positionInput.setAsAttribute("position");

Attributes can be:

  • position
  • normal
  • tangent
  • uv
  • uv2
  • matricesIndices
  • matricesWeights

Connecting blocks

By default calling block.connectTo(otherBlock) will try to establish a connection by picking an output from the first block and connect it to an available input in the second one:

var positionInput = new BABYLON.InputBlock("position");
positionInput.setAsAttribute("position");

var worldInput = new BABYLON.InputBlock("world");
worldInput.setAsSystemValue(BABYLON.NodeMaterialSystemValues.World);

var worldPos = new BABYLON.TransformBlock("worldPos");
positionInput.connectTo(worldPos);
worldInput.connectTo(worldPos);

If you do not want to use the automatic connection you can then pick the output and the input you want to connect directly:

worldInput.output.connectTo(boneBlock.world);

You can check if two connection points can connect with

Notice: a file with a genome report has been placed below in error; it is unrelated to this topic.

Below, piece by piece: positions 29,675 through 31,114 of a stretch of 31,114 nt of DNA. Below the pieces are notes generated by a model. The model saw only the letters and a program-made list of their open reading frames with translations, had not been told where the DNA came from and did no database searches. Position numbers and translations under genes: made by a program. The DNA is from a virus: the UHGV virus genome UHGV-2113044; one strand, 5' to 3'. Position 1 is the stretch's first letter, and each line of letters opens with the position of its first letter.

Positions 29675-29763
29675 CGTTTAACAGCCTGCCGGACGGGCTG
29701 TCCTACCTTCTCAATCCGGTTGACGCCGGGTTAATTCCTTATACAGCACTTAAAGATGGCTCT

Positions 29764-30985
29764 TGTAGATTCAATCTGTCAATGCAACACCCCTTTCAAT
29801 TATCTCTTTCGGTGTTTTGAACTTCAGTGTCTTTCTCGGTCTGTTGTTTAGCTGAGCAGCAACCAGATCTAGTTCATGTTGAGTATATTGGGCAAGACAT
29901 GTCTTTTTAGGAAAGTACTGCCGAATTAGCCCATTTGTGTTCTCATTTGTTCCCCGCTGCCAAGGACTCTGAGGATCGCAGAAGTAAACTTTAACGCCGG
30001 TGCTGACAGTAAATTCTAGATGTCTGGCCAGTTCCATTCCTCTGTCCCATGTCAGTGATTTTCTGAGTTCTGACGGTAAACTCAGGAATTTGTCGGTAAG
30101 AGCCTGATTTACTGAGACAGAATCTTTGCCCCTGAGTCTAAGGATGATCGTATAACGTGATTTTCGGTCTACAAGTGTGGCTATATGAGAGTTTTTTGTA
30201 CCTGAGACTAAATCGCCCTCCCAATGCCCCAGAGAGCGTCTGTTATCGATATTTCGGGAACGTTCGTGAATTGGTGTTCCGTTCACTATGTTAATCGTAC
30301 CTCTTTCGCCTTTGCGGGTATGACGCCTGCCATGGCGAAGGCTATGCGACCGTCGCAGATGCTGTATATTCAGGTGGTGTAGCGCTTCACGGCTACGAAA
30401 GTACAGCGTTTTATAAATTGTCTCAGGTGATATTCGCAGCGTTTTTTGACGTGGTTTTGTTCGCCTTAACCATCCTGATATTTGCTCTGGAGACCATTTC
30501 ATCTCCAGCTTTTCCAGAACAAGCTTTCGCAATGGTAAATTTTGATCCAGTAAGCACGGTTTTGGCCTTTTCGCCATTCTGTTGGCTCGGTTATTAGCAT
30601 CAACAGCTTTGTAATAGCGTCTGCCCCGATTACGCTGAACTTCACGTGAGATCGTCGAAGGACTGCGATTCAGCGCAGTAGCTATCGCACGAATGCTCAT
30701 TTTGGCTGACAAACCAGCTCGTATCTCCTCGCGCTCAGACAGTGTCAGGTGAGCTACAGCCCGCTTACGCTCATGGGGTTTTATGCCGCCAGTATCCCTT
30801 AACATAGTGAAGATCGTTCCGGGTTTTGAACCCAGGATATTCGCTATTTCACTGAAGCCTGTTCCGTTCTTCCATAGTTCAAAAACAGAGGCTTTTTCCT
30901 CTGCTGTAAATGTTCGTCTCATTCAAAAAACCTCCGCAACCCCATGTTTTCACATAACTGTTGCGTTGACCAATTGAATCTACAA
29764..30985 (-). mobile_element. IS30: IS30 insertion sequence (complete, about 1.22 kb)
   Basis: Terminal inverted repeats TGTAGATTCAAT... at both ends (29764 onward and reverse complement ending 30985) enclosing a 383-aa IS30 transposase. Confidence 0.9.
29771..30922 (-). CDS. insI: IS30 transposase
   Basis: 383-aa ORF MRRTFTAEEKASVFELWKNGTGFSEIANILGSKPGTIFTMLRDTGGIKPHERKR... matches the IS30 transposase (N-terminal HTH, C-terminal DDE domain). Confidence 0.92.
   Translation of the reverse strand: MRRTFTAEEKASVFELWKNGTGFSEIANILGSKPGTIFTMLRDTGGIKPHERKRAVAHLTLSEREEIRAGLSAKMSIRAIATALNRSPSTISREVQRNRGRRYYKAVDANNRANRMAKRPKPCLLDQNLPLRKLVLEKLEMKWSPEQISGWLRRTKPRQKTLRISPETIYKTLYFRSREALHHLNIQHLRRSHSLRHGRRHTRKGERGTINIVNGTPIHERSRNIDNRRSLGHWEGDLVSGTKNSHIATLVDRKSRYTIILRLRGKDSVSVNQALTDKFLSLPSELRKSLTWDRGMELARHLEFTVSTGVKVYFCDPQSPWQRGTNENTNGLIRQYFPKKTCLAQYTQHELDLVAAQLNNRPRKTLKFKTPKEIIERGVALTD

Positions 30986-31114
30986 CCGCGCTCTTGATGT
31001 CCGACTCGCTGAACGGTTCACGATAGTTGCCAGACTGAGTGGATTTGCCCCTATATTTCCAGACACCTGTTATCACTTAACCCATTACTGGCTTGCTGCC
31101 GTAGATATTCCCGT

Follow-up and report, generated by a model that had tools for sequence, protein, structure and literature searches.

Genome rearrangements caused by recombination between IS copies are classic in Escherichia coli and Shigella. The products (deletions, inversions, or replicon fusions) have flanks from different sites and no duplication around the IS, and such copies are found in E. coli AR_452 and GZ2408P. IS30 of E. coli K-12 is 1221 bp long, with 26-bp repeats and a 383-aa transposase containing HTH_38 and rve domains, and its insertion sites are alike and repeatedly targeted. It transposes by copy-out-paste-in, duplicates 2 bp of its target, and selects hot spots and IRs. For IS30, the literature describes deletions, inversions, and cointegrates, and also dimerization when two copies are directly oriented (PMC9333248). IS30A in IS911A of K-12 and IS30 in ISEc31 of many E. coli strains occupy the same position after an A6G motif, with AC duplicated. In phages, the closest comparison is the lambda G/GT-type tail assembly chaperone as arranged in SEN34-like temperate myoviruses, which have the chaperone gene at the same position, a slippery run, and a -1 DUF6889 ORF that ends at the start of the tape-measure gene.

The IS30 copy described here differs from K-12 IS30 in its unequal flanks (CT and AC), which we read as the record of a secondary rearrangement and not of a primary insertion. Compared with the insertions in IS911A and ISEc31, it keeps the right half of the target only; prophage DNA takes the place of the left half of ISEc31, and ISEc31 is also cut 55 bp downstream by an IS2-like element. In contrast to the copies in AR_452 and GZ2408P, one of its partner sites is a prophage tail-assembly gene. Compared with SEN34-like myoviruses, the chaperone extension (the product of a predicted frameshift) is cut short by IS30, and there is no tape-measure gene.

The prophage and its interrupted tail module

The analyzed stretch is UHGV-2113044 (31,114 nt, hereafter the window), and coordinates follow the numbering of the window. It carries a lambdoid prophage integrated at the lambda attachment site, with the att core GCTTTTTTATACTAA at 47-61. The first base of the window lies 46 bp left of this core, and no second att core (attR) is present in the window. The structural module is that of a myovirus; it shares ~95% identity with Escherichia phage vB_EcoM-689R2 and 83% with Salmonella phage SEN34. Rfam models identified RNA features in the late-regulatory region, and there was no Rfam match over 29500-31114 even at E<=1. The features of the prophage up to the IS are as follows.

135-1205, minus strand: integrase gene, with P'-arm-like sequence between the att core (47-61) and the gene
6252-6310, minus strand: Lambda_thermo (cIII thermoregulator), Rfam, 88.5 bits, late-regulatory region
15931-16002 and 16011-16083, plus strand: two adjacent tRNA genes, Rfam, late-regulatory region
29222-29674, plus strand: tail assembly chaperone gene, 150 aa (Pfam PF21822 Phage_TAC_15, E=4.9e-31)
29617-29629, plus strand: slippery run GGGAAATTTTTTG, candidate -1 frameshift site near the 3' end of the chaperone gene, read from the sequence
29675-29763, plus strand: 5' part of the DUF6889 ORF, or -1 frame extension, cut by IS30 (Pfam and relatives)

if (worldInput.output.canConnectTo(boneBlock.world)) {
    ...
}

The system will throw an exception if you try to connect two incompatible connection points.

When connected, two connection points can be disconnected with:

worldInput.output.disconnectFrom(boneBlock.world);

List of available blocks

By default, the node material provides the following blocks:

  • Conversion:

    • ColorMergerBlock: Block used to create a Color3/4 out of individual inputs (one for each component)
    • ColorSplitterBlock: Block used to expand a Color3/4 into 4 outputs (one for each component)
    • VectorMergerBlock: Block used to create a Vector2/3/4 out of individual inputs (one for each component)
    • VectorSplitterBlock: Block used to expand a Vector3/4 into 4 outputs (one for each component)
  • Maths:

    • AddBlock: Block used to add 2 vectors